The Ten Types of Lies: The Inductive Interview System

The Ten Types of Lies: Part 2 of the Inductive Interview System
Duration: 60 Minutes
Module 1 Resources
Recorded on: 2019-02-14
Unit 1 Slide Deck: The Ten Types of Lies
Unit 2 Workbook: The Ten Types of Lies
Unit 3 Recording: The Ten Types of Lies

Webinar Video Clip: Inductive Interviewing

People don’t always tell the truth, some individuals lie profusely, while some just do it if it means they would get out of trouble. In the field of criminal justice where you deal with different individuals of different backgrounds, the ability to ‘read’ and discern people is very important.

On this course, one of Justice Clearinghouse’s regular guests, Ray Nash, will deep dive into lies. He will explain the ten types of lies often used by deceptive subjects – from criminals, witnesses, and even victims – in their effort to mislead investigations. Sheriff Nash is a seasoned professional in the criminal justice arena with his 40-year law enforcement career and his current role as the CEO and founder of Police Dynamics Institute.

Using case studies and examples, Ray will train us into detecting deception and discrepancies and walk us through the ten types of lies. Today’s course discussed:

  • A brief review of the Inductive Interview System (IN2), its characteristics, features, and phases.
  • The working definition of what a lie is.
  • The ten types of lies identified in the Inductive Interview System including verbatim examples for each
    • The lie of denial where the subject flat out denies claims or allegations, how to discern if the denial is truthful, and how to invoke truth from denials through minimization.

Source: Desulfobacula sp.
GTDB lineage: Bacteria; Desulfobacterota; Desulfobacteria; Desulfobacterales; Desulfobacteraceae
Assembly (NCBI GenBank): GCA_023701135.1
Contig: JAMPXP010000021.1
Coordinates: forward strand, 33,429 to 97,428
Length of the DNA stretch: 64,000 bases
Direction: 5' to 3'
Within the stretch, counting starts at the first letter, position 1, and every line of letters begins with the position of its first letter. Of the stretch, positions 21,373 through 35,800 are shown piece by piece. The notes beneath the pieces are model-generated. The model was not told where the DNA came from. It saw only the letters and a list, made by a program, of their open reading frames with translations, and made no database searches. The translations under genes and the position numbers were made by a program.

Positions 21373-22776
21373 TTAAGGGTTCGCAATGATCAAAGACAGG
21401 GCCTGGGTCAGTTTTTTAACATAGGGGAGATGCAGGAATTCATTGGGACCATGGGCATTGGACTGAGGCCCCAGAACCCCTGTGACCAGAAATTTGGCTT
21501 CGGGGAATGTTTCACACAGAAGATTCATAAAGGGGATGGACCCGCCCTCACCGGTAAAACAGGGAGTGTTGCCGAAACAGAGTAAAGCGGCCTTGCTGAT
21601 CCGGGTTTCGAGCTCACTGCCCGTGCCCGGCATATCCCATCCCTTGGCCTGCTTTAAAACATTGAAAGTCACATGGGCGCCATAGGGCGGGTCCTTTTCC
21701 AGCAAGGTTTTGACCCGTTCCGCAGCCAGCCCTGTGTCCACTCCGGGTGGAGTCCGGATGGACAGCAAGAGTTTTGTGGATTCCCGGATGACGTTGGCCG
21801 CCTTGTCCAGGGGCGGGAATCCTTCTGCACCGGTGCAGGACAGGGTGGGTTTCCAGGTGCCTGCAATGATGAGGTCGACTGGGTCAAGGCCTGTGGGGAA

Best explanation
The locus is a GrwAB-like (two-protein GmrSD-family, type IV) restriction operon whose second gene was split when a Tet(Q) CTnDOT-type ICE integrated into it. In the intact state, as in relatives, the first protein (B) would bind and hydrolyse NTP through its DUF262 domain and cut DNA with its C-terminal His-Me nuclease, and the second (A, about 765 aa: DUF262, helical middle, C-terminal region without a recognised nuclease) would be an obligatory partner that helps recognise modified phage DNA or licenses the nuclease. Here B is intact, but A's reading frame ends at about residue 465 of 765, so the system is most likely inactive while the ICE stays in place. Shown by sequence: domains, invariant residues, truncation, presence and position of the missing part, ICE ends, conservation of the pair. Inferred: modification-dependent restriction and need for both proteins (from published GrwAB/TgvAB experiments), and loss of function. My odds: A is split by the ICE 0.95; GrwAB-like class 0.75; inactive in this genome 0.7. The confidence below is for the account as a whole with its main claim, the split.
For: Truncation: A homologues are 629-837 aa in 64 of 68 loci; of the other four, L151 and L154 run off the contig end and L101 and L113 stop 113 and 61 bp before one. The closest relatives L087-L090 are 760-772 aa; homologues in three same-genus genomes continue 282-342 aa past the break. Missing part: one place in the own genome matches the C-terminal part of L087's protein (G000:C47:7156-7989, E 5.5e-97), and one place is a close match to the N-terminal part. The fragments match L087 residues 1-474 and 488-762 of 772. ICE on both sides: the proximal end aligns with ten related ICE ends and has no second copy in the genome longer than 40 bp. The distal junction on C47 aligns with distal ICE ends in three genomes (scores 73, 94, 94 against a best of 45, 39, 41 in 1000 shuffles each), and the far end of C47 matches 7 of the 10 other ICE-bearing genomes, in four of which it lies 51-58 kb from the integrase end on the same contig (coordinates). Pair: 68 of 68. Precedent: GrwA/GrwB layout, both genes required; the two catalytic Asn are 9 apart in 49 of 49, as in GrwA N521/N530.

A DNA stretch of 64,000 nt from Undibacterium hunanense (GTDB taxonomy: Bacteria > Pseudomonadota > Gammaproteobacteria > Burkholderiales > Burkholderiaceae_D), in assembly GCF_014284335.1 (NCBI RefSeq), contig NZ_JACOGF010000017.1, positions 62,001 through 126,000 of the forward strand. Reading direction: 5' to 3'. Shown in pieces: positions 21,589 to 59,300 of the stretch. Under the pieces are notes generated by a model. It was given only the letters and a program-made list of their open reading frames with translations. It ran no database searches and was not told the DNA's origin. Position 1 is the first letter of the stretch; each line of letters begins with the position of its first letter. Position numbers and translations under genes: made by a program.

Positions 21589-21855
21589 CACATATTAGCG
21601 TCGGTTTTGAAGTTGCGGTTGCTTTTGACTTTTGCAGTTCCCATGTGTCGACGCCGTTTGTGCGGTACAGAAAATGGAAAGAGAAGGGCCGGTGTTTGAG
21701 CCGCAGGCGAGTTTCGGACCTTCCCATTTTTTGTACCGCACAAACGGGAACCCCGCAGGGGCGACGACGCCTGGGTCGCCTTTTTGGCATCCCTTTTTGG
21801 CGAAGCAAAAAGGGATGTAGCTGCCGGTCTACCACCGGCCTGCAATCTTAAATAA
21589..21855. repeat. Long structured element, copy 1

• The lie of fabrication where the subject makes up a story and the fool-proof technique to spot a fabricated story.
    • The lie of omission where no outright lie is made, but specific, often significant, portions of the narrative is left out and verbal indicators to watch out for this type of lie.
    • The lie of minimization where a fact is minimized or told in partial to downplay its impact and avoid serious implications.
    • The lie of embellishment where details are exaggerated for whatever purpose it serves the subject.
    • The lie of reference where instead of telling the truth about an incident, a truth is told in reference to a lie told in the past.
    • The lie of evasion where the subject misdirects the interviewer or interview in an attempt to evade answering a question directly.
    • The lie of definition where a subject alters the definition of a term to justify an action.
    • The lie of the double negative (even triple or quadruple negative) where the use of two negative words causes vagueness.
    • The lie of distortion where a technically true statement is said to mislead and obscures the truth.
  • Several case studies are presented via video and audio to help course attendees observe and identify the lies committed by familiar personalities.
  • Questions that were brought up on the Q&A segment involved:
    • People’s awareness of the lies they tend to commit.
    • How trauma plays a part in recalling events in chronology.
    • The process involved for trained inductive interviewers to spot lies and discrepancies.
    • Results relating to the effectiveness of the Inductive Interview System.
** This webinar has been certified by the National Sheriffs' Association and may be eligible for Continuing Education Units through your POST. Please consult your local certification processes for additional details. Paid subscribers that attend will be able to download a jointly issued attendance certificate that includes the National Sheriffs' Association logo.
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